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Covering the villages of Wilsden and Harecroft
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23rd April – On St George’s day, three obsolete British Navy cruisers, with a large naval force in support, were sent across the North Sea to the German-held Belgian port of Zeebrugge, where the cruisers were to be sunk, blocking the entrance to the submarine base there. The mission was extremely risky and daring – during the raid eight Victoria Crosses were awarded. The heavily defended fortifications around Zeebrugge were stormed by British landing parties, destroying many of the defensive works there; despite the fact that the attacking soldiers and ships were exposed to heavy German machine-gun and artillery fire, and the British landing gangways and scaling ladders were not long enough to reach the top of the harbour walls. On the far side of the harbour, an outdated British submarine, packed full of explosives, was sailed into the supports of a railway viaduct and detonated, demolishing a section of the viaduct as the five-man British crew narrowly escaped in a rowing boat. In the chaos and confusion, a German cyclist corps, hurriedly sent as reinforcements and unaware of what had happened, cycled straight over the edge of the destroyed section. The blockships were successfully put into place, but within three weeks the Germans had dredged a channel around them, and submarines were once again able to raid into the North Sea and beyond. The British had suffered two-hundred killed and four-hundred wounded. The British public responded enthusiastically to the story of the Zeebrugge raid – the simultaneous, but unsuccessful, raid on the canal entrance at Ostend was barely reported on, and no medals were awarded for that action.

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A German aerial photograph of the blocked harbour at Zeebrugge, taken the day after the raid – the scuttled British ships Intrepid and Iphigenia are blocking the main channel, with Thetis further behind them.

Sources

Gilbert, M First World War

Keighley News Archive (accessed via Bradford Libraries website)

Warfare Magazine Online http://www.warfaremagazine.co.uk/articles/The-Zeebrugge-Raid/105


This Week in 1918

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21st April – The day after shooting down his eightieth Allied plane, the German fighter ace Baron Manfred von Richthofen, the Red Baron, was shot down by an Australian anti-aircraft machine-gun crew, whilst dogfighting with Canadian pilots in the air above the Somme. Von Richthofen managed to land his plane, but when nearby Australian troops reached it, he had died of his wounds. Von Richthofen was the most successful fighter pilot of the war, with eighty confirmed victories – the most successful Allied pilots were the Frenchman René Fonck, with seventy-five confirmed victories, and Canadian Billy Bishop, with seventy-two.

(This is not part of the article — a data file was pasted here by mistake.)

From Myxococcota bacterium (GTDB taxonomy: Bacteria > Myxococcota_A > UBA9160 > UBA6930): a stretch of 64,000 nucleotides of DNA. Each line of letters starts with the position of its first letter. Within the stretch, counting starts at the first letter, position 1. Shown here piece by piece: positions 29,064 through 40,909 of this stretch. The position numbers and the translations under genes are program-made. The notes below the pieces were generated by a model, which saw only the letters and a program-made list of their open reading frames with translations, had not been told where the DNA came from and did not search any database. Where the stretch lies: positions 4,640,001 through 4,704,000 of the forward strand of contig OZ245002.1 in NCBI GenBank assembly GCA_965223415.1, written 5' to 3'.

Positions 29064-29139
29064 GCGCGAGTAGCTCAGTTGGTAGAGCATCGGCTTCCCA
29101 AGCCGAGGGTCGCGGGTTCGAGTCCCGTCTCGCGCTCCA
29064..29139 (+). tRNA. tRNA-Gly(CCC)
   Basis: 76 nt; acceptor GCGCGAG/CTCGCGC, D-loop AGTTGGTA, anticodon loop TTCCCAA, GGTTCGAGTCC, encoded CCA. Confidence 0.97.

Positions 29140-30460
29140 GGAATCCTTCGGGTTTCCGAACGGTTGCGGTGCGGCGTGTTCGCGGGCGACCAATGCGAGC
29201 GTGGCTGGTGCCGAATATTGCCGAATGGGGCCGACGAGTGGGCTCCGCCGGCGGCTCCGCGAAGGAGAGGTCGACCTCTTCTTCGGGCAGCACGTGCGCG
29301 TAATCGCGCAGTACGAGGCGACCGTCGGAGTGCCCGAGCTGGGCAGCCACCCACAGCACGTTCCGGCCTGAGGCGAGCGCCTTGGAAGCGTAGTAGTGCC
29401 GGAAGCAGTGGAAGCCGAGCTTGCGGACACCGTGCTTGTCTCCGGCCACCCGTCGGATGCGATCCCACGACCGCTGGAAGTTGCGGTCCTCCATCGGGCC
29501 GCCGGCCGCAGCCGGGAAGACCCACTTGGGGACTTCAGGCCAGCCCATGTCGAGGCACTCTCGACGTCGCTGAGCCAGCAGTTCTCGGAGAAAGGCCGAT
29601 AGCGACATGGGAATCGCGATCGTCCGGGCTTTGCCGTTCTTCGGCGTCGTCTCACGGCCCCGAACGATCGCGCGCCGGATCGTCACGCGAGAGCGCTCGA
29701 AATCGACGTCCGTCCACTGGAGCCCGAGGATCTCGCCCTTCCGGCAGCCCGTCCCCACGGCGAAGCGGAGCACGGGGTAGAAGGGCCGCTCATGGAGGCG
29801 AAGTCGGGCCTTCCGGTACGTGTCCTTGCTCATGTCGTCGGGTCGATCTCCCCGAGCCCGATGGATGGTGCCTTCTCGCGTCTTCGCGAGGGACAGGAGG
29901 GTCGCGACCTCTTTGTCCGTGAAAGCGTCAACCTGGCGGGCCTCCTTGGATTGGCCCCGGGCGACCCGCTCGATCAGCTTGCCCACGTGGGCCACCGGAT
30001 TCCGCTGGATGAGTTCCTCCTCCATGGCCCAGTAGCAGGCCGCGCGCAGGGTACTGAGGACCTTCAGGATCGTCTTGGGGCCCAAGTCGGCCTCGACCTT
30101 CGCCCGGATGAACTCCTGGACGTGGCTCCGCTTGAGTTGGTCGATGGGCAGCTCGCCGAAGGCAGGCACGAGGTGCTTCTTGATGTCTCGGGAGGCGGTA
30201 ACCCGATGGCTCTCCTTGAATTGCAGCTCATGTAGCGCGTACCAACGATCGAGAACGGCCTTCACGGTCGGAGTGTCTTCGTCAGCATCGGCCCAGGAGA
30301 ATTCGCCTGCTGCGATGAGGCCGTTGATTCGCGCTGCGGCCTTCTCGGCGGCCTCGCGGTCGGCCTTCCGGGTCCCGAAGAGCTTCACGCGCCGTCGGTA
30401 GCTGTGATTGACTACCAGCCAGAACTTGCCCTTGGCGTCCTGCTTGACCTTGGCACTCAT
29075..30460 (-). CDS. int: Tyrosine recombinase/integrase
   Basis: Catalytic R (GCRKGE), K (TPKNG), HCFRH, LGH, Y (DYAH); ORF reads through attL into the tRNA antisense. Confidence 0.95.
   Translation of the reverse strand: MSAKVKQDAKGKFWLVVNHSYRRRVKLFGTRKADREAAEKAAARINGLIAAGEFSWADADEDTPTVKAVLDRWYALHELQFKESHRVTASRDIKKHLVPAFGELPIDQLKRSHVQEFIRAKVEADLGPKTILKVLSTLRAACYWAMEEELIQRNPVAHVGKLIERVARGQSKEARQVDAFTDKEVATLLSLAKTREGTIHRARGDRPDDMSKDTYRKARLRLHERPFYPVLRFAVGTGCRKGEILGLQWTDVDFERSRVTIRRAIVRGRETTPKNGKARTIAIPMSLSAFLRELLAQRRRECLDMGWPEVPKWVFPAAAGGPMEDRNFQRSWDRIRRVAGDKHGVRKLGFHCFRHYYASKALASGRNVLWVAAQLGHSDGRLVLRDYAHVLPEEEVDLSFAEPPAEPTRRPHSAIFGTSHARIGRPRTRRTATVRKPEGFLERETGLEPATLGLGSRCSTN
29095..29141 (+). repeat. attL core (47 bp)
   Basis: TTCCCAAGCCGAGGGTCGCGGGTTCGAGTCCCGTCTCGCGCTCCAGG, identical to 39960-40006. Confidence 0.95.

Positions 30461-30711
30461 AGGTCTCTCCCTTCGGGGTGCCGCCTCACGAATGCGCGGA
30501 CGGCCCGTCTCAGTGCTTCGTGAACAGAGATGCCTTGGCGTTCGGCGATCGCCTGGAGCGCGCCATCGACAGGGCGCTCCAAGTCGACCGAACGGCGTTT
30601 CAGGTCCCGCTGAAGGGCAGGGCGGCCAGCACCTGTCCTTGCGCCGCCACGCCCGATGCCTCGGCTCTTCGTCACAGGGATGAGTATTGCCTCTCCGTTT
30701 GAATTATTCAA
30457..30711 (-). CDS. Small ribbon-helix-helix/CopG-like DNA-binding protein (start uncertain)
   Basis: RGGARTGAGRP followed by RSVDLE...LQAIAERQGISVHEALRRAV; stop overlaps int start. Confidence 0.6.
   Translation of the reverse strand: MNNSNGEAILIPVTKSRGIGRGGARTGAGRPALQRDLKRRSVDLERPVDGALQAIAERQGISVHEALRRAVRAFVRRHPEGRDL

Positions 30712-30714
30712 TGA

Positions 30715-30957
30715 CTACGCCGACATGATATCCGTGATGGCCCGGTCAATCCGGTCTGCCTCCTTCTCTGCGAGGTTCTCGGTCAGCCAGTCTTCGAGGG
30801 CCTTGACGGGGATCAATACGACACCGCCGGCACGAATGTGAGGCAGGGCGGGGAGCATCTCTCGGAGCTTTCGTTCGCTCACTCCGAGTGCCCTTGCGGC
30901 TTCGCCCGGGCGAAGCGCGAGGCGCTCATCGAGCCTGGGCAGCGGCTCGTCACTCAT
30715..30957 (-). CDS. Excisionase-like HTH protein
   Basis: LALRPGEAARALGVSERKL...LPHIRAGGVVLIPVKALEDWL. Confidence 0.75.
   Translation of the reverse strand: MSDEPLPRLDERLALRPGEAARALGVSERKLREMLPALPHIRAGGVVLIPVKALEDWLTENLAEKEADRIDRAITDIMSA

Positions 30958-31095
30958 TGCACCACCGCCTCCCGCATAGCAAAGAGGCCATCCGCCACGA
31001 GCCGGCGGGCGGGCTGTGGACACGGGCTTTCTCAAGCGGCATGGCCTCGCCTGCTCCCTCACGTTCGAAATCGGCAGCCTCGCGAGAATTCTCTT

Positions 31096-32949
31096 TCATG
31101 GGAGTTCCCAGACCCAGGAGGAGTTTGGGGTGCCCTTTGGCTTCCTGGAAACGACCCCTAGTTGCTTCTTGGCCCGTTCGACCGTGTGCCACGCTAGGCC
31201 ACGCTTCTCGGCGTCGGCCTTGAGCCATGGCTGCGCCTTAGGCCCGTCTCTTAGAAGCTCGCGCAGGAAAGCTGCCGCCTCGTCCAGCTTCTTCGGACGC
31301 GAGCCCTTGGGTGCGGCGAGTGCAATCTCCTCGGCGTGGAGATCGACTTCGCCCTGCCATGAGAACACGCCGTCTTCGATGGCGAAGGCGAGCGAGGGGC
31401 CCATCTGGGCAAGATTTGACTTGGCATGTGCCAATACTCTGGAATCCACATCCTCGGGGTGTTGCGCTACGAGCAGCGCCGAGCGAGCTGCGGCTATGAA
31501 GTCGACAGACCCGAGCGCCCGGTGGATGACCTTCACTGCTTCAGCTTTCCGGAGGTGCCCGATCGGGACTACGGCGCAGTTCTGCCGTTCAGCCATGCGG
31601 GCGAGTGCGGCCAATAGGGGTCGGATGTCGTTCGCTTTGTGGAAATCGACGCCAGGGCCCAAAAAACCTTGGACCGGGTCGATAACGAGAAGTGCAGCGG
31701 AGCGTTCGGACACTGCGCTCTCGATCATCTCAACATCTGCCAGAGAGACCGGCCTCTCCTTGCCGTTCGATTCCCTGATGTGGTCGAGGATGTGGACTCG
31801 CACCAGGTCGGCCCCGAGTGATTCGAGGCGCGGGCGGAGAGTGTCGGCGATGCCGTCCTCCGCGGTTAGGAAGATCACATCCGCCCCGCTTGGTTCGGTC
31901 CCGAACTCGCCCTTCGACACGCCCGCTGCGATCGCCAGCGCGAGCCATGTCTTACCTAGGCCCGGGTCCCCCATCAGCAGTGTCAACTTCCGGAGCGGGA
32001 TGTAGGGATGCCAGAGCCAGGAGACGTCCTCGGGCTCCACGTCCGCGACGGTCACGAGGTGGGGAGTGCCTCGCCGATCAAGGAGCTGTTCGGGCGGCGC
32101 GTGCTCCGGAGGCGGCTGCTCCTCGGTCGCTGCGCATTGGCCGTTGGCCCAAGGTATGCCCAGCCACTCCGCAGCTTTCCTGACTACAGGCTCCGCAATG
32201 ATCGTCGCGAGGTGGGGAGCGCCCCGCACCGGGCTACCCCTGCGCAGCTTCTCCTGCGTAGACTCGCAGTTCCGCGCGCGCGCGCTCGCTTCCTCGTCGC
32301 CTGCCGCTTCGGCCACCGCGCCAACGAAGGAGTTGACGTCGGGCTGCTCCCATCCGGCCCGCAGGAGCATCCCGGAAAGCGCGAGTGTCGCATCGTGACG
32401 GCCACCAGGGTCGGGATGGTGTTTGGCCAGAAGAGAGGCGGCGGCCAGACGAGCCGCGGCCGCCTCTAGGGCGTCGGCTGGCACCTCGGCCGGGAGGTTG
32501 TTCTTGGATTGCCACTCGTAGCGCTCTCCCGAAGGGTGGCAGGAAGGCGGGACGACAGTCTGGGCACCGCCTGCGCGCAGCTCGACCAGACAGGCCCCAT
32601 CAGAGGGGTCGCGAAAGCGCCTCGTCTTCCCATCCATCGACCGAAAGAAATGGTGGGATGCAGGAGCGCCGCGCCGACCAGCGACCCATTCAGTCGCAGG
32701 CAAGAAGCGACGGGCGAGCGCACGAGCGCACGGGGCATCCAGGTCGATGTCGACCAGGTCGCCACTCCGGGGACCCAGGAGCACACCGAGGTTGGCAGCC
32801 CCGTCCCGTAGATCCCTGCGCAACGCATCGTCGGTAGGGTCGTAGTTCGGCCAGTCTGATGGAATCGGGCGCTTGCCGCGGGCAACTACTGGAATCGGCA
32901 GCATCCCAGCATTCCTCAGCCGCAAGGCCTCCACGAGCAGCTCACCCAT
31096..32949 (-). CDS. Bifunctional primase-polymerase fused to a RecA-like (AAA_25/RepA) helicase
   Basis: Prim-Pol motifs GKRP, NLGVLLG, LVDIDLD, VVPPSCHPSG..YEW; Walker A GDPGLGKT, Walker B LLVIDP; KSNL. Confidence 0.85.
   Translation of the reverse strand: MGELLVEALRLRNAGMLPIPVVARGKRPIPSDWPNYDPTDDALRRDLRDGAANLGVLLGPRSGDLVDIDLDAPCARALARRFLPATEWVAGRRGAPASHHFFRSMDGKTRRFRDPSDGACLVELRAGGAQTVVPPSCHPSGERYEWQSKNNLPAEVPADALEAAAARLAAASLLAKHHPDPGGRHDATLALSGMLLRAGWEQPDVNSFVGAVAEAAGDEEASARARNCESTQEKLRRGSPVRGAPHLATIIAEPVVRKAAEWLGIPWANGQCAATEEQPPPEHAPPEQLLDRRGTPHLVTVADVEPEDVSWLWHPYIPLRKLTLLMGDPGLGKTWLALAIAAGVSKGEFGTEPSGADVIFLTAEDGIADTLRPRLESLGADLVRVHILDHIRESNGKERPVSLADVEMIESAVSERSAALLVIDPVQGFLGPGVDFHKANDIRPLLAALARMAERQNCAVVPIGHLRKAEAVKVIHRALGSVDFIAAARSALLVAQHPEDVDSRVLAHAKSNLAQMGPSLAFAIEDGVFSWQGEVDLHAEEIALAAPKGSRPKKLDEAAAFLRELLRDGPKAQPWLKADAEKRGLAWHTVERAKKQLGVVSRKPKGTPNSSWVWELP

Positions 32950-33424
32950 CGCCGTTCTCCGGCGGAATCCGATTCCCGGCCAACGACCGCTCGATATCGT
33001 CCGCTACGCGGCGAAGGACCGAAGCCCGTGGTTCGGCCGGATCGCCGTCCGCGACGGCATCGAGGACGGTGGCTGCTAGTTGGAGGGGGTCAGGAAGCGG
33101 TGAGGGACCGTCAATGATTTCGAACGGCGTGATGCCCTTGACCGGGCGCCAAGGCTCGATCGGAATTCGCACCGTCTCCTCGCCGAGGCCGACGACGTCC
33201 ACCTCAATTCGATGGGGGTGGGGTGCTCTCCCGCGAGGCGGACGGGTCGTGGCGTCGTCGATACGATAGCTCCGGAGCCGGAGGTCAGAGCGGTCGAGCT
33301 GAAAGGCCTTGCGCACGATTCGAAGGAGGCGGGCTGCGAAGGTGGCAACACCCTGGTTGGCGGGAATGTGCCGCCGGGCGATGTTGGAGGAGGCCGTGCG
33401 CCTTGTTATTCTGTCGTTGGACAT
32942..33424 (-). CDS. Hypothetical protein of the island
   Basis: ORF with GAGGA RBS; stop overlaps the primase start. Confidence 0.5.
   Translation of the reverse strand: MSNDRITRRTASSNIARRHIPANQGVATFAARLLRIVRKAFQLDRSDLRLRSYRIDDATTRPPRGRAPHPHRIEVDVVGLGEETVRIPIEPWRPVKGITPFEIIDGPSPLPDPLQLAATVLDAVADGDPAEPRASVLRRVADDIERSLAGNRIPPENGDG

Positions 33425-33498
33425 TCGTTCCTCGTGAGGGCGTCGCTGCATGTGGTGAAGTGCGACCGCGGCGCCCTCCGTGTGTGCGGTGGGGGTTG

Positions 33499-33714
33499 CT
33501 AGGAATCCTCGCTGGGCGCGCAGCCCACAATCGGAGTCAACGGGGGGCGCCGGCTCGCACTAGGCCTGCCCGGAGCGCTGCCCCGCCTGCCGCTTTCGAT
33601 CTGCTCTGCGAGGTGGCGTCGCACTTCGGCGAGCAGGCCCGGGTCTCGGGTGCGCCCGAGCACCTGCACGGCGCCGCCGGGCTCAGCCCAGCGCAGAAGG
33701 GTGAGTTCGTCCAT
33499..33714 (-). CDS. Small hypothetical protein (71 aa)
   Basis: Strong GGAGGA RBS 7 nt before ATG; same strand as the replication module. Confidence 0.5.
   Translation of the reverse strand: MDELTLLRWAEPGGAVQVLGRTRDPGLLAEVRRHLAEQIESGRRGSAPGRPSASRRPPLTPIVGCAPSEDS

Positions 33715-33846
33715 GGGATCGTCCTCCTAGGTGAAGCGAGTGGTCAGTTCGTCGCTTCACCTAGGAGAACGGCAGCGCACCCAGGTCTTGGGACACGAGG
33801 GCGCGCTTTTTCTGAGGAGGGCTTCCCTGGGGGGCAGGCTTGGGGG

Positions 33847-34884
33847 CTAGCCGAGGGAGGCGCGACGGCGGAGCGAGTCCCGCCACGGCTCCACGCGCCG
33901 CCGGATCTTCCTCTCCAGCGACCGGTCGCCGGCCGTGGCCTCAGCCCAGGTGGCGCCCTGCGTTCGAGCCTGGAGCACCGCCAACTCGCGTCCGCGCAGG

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Image of Manfred Von Richthofen taken in c.1917, from Wikimedia Commons


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Sources

Gilbert, M First World War

Keighley News Archive (accessed via Bradford Libraries website)

 

This Week in 1918

9th April - The British House of Commons extended conscription to Ireland, introducing the Irish Conscription Bill. This measure had previously been rejected due to the opposition of Irish Nationalists. However, it was not just the Nationalists who objected, across Ireland people were united in opposition to the bill. The Lord Mayor of Dublin, representatives of Sinn Fein, the Irish Parliamentary Party, the Labour Party, and Independents assembled at the Mansion House on 18th April and adopted the following resolution:

“Denying the right of the British Government to enforce compulsory service in this country, we pledge ourselves solemnly to one another to resist conscription by the most effective means at our disposal … The Irish people have a right to resist by every means that are consonant with the law of God”

Irish Trade Unions began to prepare for an all-Ireland General Strike, whilst across the country, groups of volunteers began to prepare to resist martial law, if it was imposed.

Bingley Petty Sessions

A WILSDEN BOY’S TEMPTATION

A 16 year-old Wilsden apprentice named Stephen Craven was charged with stealing £3 from the dwelling house of Mrs. Sarah Pullan, 15, Garden View, Wilsden. Superintendent Slack stated that Mrs. Pullan lived next door to the prisoner, who resided with his grandmother. About 7 p.m. on March 26 Mrs. Pullan went into the prisoner’s grandmother’s house, and as she walked in the prisoner went out. On her return she did not notice that anything had been disturbed, but when the following night she had occasion to go upstairs she found that a box in bedroom had been opened and £3 stolen. Suspicion fell upon on the lad, and eventually his uncle brought him to the Harden Police Station. When charged, he replied “I did take it and spent nearly £2 in different shops and picture houses in Bradford” – Sarah Pullan gave evidence bearing out that statement. The lad’s uncle spoke as to the boy’s conduct, and stated that this was not the first time that he had misbehaved. The Rev. F. C. Rollin said he had known the lad for three and a-half years, and he had done good work in connection with the church. The prisoner was fined £3 and costs.

- Keighley News, 13th April 1918

Sources

Gilbert, M First World War

Keighley News Archive (accessed via Bradford Libraries website)